On Tuesday afternoon People magazine ran a story about a Gisele Bündchen photo shoot in Florida. In a photo that ran with the story, the model ran her fingers through her tousled mane of hair while posing in a see-through dress on the beach. The sheer material clung to her sculpted calves, her six-pack abs, her can-you-believe-I’ve-had-two-kids breasts, all of it. She looked better at 42 than she had in her 20s when she spent a decade as the highest-paid supermodel in the world. This was a woman whose physicality resides at the rarefied intersection of genetics, effort and talent and who, after putting her own career on pause for 13 years so her ex-husband could play sportsball, was finally getting back in the saddle again.
Here, in recent weeks, was a freshly divorced Gisele posing topless in a Louis Vuitton ad, adorned mostly in a polka-dot handbag. Here was a freshly divorced Gisele going for a run in Costa Rica with her handsome “family jiujitsu instructor,” which insiders swore was completely platonic.
On Wednesday morning Tom Brady, he of the sportsball, announced he was retiring.
If you believe the theories of the online commentariat, these two events were linked. The couple’s split last year allegedly came about because Gisele wanted her husband to retire back then and Tom simply couldn’t give up the game.
Nobody but the couple knows the full story. What we do know is that Tom ultimately signed on for another season. Divorce lawyers were hired, ink was applied to papers. Then Tom’s bonus season was a bust, and Gisele posed on a beach, and maybe the quarterback came to the sobering realization of exactly how much he’d given up in order to lose to the Dallas Cowboys.
Memes circulated following Tom’s retirement announcement. In the most evocative, the football star is portrayed as John Cusack in “Say Anything,” standing under Gisele’s window with a boombox, begging her to take him back. Boy, had this doofus messed up.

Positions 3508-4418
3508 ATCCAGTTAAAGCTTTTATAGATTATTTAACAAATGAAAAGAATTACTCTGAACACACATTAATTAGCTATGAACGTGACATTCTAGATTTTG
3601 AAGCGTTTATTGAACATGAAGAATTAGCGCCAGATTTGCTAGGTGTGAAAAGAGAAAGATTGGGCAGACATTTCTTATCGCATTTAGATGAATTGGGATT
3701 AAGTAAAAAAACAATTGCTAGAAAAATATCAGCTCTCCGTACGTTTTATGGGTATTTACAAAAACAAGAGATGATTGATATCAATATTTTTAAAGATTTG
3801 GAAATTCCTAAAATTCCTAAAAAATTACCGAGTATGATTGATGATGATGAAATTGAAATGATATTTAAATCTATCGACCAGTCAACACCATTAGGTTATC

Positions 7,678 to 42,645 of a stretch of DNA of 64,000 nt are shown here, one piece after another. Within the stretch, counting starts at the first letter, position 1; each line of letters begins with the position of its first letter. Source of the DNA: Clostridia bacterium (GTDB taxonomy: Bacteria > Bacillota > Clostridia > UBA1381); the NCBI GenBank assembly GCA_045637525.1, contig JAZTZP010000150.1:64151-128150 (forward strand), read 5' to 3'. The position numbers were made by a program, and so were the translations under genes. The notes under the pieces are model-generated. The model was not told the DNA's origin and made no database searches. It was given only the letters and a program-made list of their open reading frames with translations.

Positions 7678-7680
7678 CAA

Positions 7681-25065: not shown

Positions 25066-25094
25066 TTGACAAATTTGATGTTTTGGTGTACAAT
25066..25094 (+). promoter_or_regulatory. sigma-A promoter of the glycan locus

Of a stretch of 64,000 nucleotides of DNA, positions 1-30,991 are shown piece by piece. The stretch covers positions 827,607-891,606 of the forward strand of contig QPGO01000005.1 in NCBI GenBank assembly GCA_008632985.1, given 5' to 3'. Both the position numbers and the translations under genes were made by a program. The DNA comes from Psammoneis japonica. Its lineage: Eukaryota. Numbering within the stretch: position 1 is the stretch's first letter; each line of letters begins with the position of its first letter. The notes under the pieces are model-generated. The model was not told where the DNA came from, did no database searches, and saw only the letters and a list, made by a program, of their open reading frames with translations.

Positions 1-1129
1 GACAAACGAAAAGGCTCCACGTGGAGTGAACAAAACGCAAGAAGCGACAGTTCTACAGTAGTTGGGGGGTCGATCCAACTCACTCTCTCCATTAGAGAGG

But he was trying, maybe, to fix things? Note how he’d written “I love my family” under his Instagram announcement — which, like Gisele’s photo shoot, appeared to take place on a Florida beach. Note how he’d included a few images of Gisele in his Instagram stories, but subtle ones: images of Gisele from behind, with her arms slung around their children. If Brady was trying some kind of “Say Anything” move, it was of the most respectful nature.
On Wednesday afternoon, Gisele responded directly to Tom’s retirement announcement. “Wishing you only wonderful things in this new chapter of your life,” she posted.
Gisele’s posting was a message of pleasant remove, the sort of generically warm sentiments usually reserved for a graduation card signed by a distant aunt. It suggested that there would be no reunification, that the book of life cannot be read or lived backward, that Tom would be embarking on this new chapter with Gisele’s support but not with her.
Look, I am two-thirds of the way through writing this column about Tom Brady’s retirement and divorce, and even I can’t tell you why I’m following this intimate celebrity gossip. I can barely tell a quarterback from a Quarter Pounder; I have never stood on a beach in a see-through dress while a stylist aimed a box fan at my hair.
But this stratospherically famous marriage between two rich and beautiful people does seem to tell us something about relationships in general, or what it means to negotiate a whole life with another person. Whose career takes the back seat? Who agrees to sacrifice, to move to Tampa, to be the one on call when the kid is puking at school? Time is not infinite and neither is geography. You can’t have one parent walking on a runway in Milan while the other is quarterbacking in Green Bay. What does it cost to pursue your own dreams, or to try your best to make another person’s dreams your own?
Few of us can imagine what it would feel like to be as good at anything as Tom Brady is at football — a gift that borders on the divine, as if it were bestowed by God. But I think most of us can imagine what kinds of things he might have been feeling as he made an Instagram post promising not to get emotional and then getting emotional nonetheless.
He might have been thinking about how he’d gone to work for 23 painful, impossible years, building a legacy, setting an example, leaving it all out on the field, winning like nobody had ever won, and also losing, because nobody can win everything all the time. He might have been wondering who he would be now, without all of that. And he might have been thinking about how he’d given everything he had to a vocation, only to reach the end and wonder whether everything was enough or too much.